The White Tower is one of the original structures. It has been worked on over the years; the turreted roofs were added in the 16th century, the window and door surrounds were added at various times in the 17th, 18th, and 19th centuries. The wooden staircase was built in 1973.
The original purpose of the White Tower (the original “Tower of London”) was defensive, residential, and ceremonial. A beautifully preserved chapel (the Chapel of St. John the Evangelist) shows off the original and intact Romanesque architecture of the Normans.
The White Tower wasn’t completed until about 1090 or so, under William Rufus, son of William I and his successor as King of England. The first major expansions of the Tower were undertaken in the 12th century by Henry I (younger brother of and successor to William Rufus) and Henry II.

The Tower complex was more or less completed (and is the layout that survives) by Edward I in the early 14th century. Needless to say, the Tower has been noodled with endlessly ever since, particularly by the Tudors and the Victorians.

In the Tower Green we came across what appeared to be a fairly new Execution Memorial created by Brian Catling. Contrary to popular belief, not too many people were actually executed at the Tower. Those commemorated by the new Memorial on the Site of Execution are the seven beheaded near the site of execution (their remains are still buried in the Chapel Royal of St. Peter ad Vincula and three Black Watch soldiers who were executed in the 18th century.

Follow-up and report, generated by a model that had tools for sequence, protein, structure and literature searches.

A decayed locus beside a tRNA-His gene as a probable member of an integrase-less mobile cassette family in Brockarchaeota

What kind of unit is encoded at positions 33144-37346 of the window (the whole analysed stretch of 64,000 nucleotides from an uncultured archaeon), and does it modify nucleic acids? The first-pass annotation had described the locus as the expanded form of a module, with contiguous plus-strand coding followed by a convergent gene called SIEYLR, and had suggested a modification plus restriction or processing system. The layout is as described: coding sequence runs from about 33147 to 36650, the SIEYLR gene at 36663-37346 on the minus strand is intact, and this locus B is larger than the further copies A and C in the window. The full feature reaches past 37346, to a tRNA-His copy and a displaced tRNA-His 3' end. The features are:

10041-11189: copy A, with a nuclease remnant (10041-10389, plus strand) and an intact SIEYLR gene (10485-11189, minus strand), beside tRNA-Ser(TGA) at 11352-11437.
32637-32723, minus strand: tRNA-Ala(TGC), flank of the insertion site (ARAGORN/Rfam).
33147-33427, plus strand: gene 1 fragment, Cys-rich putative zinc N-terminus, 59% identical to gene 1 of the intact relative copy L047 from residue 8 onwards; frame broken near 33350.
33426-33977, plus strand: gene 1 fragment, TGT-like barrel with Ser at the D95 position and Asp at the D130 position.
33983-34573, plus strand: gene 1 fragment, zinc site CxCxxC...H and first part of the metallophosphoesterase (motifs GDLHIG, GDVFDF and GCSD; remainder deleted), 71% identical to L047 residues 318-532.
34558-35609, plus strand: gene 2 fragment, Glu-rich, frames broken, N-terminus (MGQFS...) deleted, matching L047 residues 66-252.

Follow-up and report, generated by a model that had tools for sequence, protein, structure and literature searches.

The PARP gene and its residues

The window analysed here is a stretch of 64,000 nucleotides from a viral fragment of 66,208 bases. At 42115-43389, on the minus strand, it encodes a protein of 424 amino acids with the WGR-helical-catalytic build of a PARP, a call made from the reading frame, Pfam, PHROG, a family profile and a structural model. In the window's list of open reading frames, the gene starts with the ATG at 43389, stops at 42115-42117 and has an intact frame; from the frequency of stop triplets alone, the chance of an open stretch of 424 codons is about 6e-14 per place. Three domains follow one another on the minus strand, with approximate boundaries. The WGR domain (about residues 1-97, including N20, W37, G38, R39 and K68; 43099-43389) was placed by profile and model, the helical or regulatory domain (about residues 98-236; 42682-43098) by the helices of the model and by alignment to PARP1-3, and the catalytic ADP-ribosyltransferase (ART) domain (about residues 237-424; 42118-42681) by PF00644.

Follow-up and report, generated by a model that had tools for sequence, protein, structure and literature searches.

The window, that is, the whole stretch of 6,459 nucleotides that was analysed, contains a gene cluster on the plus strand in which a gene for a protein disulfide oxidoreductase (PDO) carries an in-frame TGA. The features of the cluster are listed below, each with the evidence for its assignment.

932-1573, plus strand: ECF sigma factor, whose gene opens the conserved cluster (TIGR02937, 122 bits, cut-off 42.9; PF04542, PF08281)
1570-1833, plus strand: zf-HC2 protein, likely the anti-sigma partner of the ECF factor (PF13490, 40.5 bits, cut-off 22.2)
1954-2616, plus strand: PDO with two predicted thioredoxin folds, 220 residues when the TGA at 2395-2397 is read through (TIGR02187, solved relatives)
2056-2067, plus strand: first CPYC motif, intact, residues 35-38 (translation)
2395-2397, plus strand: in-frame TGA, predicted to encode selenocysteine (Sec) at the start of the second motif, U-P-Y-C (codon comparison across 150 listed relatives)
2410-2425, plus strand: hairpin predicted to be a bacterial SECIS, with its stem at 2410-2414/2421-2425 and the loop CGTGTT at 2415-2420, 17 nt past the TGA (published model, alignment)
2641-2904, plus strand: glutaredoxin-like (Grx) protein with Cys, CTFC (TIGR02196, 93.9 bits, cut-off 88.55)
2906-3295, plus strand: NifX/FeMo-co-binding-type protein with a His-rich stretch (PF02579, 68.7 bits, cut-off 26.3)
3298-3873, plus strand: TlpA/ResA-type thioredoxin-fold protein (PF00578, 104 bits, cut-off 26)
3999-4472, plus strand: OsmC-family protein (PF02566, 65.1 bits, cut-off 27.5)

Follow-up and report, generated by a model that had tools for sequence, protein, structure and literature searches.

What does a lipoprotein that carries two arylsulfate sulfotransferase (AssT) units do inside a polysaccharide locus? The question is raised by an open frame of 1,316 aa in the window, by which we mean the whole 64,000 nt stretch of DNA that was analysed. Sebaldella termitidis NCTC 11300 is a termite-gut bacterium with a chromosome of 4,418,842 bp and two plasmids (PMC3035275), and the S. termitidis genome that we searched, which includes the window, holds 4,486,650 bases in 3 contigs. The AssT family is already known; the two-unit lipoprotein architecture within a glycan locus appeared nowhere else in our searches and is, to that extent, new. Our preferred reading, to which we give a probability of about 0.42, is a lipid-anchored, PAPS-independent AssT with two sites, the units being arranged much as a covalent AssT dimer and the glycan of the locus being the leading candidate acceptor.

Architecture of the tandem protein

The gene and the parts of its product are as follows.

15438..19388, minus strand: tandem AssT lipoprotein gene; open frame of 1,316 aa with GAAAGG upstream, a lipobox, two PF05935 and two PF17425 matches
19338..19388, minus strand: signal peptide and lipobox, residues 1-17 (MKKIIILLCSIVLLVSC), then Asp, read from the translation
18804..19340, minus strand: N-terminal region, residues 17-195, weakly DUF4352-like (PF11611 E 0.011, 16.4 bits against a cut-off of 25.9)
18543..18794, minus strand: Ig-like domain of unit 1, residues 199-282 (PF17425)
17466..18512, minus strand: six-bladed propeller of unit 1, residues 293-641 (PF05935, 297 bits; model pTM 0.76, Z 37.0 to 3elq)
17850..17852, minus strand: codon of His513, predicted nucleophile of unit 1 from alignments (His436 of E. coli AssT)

We spent the day wandering around the Tower, and it started to get dark just as we were touring St. Thomas’ Tower and it was quite dark indeed and uncrowded when we got to the room and chapel where Edward I died. It was rather creepy. Fortunately the Tower was closing so we were shooed out.

We walked along the Thames up to the Millennium Bridge and for some reason decided to walk over to Southwark. At the south end of the bridge, there is a ramp which slopes somewhat steeply down to the embankment aling the river. At the top of the ramp was a woman in a wheelchair; one slip and she would go flying down the ramp and likely end up in the river. Funny, the guy holding the wheelchair did look a little like Richard Widmark (see 1947’s Kiss of Death). We ended up at Young’s Tavern again before we hoofed it back across the river and back to Bayswater in search of dinner. I believe this was night we found a Persian restaurant, which was rather good.

Christmas in London-1 of 5

I am finally getting around to posting about my trip to London last month. Photos are available via my Picasa online photo album here.

There are three drawbacks to spending Christmas in London. The first is the basic hazard of traveling in winter, which is that plans need to be fairly flexible to accommodate delays caused by the weather—that is, snow. The second is that pretty much everything is closed on December 24, 25, and 26, and even the Tube is shut down on Christmas Day. The third is that, thanks to the shortness of the days (sunset at around 4:30) things shut earlier than in summer and the darkness makes sightseeing (and photography) fairly difficult.

That all said, our recent trip to London went off very well—once the weather let us go off at all. We were scheduled to fly out (Albany to Newark, then Newark to Heathrow) in the late afternoon of December 21—those of you in the Northeast will recall that this was the day we got rather a lot of snow. Needless to say, the Albany flight was canceled. Ultimately, we had to reschedule the departure for 6:30 a.m. December 23. We arrived at Heathrow at about midnight local time. Everything was pretty much closed, and we took a cab to Bayswater where we were renting a flat. Happily, since last April, AT&T had added international roaming so my iPhone actually worked, which was a great help.